Educationally oriented people, particularlythose who live professionallybased on the results of rational studies,sometimes have a difficult time reconcilingthe received wisdom of academiawith that of experience. If we're lucky,and we're around long enough, thesetwo forms of learning may be integratedto help us navigate the real shoals andstorms of our lives. Or, as Robin Williamsput it, "Reality, what a concept!"
One thing I've learned from my accumulatedexperience is that the saying,"Time is money," is truer than I expected.In a fee-for-service profession, morework usually (a sardonic tip of the hat toour managed care friends) means moremoney, and vice versa. But there is a secondapplication of the adage that thoseof us with snow-capped hair havewatched to our personal amazementâ€”compounding interest. We heard that ifyou save regularly from an early age andwait for a career's worth of timeâ€”almostregardless of the return in any givenyearâ€”you actually could come out withenough money for retirement. Gettingrich slowly can be frustrating, but it is anear certainty if you put your moneyaway early and wait long enough.
Prospering Through Patience
A second financial lesson I've learnedover time that affirms what scholarshave told us is that while you are livingyour life, and watching net worths grow,it can be alarming to see that the processis far from smooth or steady. But economicactivity, like virtually everythingelse in life, is erratically cyclical. So that'swhy experts all recommend diversifyingyour investments into different areasand rebalancing periodically, because noone so far has been able to tell where orwhich kinds of financial instruments willincrease or decrease in value.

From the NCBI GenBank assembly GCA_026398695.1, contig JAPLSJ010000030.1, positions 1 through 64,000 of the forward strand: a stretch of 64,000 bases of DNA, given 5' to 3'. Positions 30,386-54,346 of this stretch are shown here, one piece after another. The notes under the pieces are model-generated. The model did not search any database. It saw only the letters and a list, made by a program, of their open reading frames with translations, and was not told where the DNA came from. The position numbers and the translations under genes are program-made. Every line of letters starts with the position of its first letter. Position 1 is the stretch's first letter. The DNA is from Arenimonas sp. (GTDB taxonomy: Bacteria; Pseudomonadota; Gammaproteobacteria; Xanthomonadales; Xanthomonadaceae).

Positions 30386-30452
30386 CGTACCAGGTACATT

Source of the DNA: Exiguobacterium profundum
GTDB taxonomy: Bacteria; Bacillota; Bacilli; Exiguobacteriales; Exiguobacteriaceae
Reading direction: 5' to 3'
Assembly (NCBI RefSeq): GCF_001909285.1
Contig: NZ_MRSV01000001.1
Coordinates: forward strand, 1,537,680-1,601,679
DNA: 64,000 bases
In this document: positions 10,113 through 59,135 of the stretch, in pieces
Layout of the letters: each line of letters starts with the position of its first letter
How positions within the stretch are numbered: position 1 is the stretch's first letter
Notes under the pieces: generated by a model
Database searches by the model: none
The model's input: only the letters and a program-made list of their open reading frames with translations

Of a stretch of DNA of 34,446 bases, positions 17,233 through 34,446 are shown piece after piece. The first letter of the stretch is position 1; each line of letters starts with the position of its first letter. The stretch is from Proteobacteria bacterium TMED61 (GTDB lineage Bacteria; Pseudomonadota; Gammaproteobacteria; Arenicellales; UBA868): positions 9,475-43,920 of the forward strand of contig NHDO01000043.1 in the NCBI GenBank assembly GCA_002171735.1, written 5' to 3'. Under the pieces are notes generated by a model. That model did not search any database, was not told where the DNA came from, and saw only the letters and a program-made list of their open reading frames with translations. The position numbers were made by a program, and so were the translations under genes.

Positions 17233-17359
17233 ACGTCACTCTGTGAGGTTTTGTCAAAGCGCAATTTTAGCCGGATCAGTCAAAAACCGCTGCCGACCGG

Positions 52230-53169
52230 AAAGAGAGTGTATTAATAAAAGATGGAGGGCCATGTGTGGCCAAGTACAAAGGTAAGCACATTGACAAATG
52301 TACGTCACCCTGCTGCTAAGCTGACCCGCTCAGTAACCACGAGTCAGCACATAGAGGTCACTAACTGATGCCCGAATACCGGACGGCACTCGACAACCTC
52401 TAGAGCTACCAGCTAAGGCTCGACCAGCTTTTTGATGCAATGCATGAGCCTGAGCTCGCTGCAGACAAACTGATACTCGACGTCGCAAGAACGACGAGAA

Which leads to the third amazing lifelesson from the seers who tried to teachus in word and print (but whom we didnot really believe until we could witnessthe live effect): "Time heals all wounds."If you wait long enough, all cyclical stainswill come out in the metaphorical wash.In the long run, the ups and downs don'tmean much, especially compared to ourpeaks and valleys on any given day. Staythe course, at least in your money affairs.
Realizing the Possibilities
Which segues to the last financial lifelesson I've learned to be true: Everythingis negotiable. If you accept other'sassertions that "It's a standard contract,"or "We don't negotiate," youactually already have, if by abrogation,and the other party benefited. Thisdoesn't necessarily mean everything inlife is just a zero-sum game; it has moreto do with the ability to make choicesand be aware of the possibilities.
The real question of balance in ourlives between what we are taught offinancial affairs and what we inducebased on our own experiences is this:Can you manage to do well enoughfinancially to allow you to focus on themore important nonfinancial areas oflife such as service, family, health,recreation, and meaning? That's a lifelesson well learned.
Jeff Brown, MD, CPE, a partneron the Stanford UniversityGraduate School of BusinessAlumni Consulting Team, is apracticing primary care physician.He welcomes questions andcomments at firstname.lastname@example.org.